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Bebop Spoken There

Tony Fisher: In the heyday of that scene [the1960s] there were about 120 musicians in London who did everything and of course, if you made a mistake you were never called again." - (Jazz Journal online, 19 September 2019).

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COFID- 19

In the current climate we are doing our best to keep everyone up to date. All gigs, as we all know, are off.

However, good old YouTube has plenty to offer both old and new to help us survive whilst housebound. Plus now is a good time to stock up on your CDs.

Also, keep an eye out for live streaming sessions.

Alternatively, you could do as they do in Italy and sing from your balcony.

Today

As we all know there are no live gigs taking place in the immediate future. However, any links to jazz streaming that are deemed suitable - i.e. with a professional approach - will be considered for posting.

Friday, August 09, 2019

What We Did At the Jazz Course @ The Globe: August 3 and 4


What We Did At the Jazz Course @ The Globe: August 3 and 4
(By Ann Alex)

First we drank tea as 9.30am counts as early rising for 15 jazzers. The aim of the course was to develop our playing and technique further under the wise guidance of tutors James Birkett (usually playing guitar) and Faye MacCalman (usually blowing sax). The group exercise to get us going saw us each doing one of 3 things, singing a short riff, singing a rhythm, or doing body percussion, which I found can actually hurt if you slap your leg too hard.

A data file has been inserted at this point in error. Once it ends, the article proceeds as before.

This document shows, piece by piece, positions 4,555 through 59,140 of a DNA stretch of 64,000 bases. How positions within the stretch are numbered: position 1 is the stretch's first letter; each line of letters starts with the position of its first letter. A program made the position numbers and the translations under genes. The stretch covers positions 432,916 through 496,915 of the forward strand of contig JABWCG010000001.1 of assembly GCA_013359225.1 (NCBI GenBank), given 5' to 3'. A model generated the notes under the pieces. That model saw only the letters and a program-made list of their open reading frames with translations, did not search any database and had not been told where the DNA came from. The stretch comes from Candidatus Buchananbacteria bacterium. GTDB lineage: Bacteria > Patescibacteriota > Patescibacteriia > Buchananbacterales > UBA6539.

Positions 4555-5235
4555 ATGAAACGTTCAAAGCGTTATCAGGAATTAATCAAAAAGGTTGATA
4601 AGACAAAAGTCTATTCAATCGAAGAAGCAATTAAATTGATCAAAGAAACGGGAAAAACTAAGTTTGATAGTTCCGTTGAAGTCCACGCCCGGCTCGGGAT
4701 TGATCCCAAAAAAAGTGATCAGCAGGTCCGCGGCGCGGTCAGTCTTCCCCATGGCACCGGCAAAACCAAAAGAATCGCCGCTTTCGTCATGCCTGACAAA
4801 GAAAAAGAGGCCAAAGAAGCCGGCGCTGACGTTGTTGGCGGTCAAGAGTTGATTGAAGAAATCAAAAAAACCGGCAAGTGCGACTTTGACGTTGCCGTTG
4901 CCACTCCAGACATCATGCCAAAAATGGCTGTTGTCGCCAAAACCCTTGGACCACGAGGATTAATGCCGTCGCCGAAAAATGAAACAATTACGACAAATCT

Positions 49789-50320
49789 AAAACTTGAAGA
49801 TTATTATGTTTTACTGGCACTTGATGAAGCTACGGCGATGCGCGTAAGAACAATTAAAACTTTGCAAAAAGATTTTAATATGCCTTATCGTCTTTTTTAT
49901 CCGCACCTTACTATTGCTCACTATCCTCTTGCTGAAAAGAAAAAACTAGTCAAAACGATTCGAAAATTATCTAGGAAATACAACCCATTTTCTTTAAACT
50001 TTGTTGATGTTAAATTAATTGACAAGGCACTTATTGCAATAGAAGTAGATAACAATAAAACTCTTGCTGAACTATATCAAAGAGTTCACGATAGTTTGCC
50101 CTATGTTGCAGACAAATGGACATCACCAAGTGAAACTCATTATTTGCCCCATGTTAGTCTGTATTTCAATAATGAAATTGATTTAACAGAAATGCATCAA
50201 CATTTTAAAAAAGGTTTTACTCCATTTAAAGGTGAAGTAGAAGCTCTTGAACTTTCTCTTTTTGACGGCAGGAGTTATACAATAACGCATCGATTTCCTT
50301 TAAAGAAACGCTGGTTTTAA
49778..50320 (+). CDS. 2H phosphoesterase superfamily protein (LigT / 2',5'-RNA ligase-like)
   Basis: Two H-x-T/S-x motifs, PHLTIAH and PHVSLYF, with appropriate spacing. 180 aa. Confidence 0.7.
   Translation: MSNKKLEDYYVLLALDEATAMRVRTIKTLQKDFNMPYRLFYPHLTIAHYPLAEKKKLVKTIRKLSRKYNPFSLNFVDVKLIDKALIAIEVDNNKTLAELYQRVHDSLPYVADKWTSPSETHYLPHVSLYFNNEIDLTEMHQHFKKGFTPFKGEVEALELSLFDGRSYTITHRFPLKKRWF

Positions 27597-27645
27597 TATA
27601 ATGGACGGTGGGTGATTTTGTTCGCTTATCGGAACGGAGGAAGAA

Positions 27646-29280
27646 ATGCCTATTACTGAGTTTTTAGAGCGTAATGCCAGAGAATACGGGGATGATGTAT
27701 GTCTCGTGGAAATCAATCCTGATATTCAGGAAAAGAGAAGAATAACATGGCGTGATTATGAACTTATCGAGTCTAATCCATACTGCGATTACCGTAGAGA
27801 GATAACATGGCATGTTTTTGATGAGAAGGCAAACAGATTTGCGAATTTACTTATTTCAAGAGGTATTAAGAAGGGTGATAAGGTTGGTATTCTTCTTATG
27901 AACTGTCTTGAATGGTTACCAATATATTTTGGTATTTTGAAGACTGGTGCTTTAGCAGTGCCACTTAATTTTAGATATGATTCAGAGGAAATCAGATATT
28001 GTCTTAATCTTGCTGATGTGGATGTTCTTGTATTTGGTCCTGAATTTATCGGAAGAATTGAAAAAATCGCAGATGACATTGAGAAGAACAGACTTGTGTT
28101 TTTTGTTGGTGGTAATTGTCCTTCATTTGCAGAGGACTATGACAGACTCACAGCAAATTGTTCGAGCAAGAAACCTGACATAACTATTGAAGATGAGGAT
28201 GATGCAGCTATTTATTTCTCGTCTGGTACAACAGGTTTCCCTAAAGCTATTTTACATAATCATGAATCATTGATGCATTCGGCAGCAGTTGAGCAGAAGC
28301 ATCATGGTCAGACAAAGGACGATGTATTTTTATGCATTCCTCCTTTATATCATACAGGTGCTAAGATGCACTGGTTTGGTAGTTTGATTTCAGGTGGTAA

We were all loosened up, ready to split into 2 groups. James's group sounded a bit technical for my taste so I opted to go with Faye, along with some sax players, a keys man, guitars, a drummer and another singer, Sheila, who doubled as lunch organiser. The rest of Saturday was really good and interesting, improvising with very few notes, (even with just 1 note is possible), and using 4 different blues progressions. Not certain what the other group got up to but it involved the circle of 5ths and I caught someone talking about dreaded diminished chords over lunch. Before closing business Faye mentioned that we would be composing an original composition on Sunday. Hmm!

By Sunday the personnel of our group had changed, which is allowed, and we'd lost the keys man, a guitar and a sax to the other group. We remainers studied the first part of Mood Indigo, improvised extensively. Then we all spent 10 minutes thinking up riffs and arrangements, based on whatever we liked, but with Mood Indigo still somewhere in our consciousness. I went to the loo for quietness and cheated. I suddenly remembered the tuning of my ukulele, GCEA, and there was the riff! I quoted the phrase I'd been taught at Sage Gateshead for remembering the tuning 'Goats Can Eat Anything' and I was surprised that the group said they'd use the words as well as the riff.

Sheila brought us a pleasing riff which sounded almost tribal, the saxes came up with good stuff, the bass guitar riffs grounded us well and our skilled drummer played with delightful enthusiasm. We were in business, and arranged our piece by starting with Mood Indigo, merging into our riffs, solos etc and ending with singing 'Goats Can Eat Anything' with improvisations. The singing caused great surprise at our performance when we entertained the other group, especially when we asked them to join in.

The other group gave an equally entertaining performance of Autumn Leaves, with very skilled solos from everyone, including keys, guitars, saxes, but very cleverly they managed without a drummer and had no singers. Then we all went home.

I must end by thanking all concerned in the organisation of this great weekend, our skilled tutors, Sheila, Tom and also Dave Parker for keeping us fed and watered, and everyone for taking a full part in the workshops. Roll On Next Year!
Ann Alex 

1 comment :

Liz said...

Well done Ann, loved the story of your weekend, a very good review with your usual touches of humour! Keep it up...

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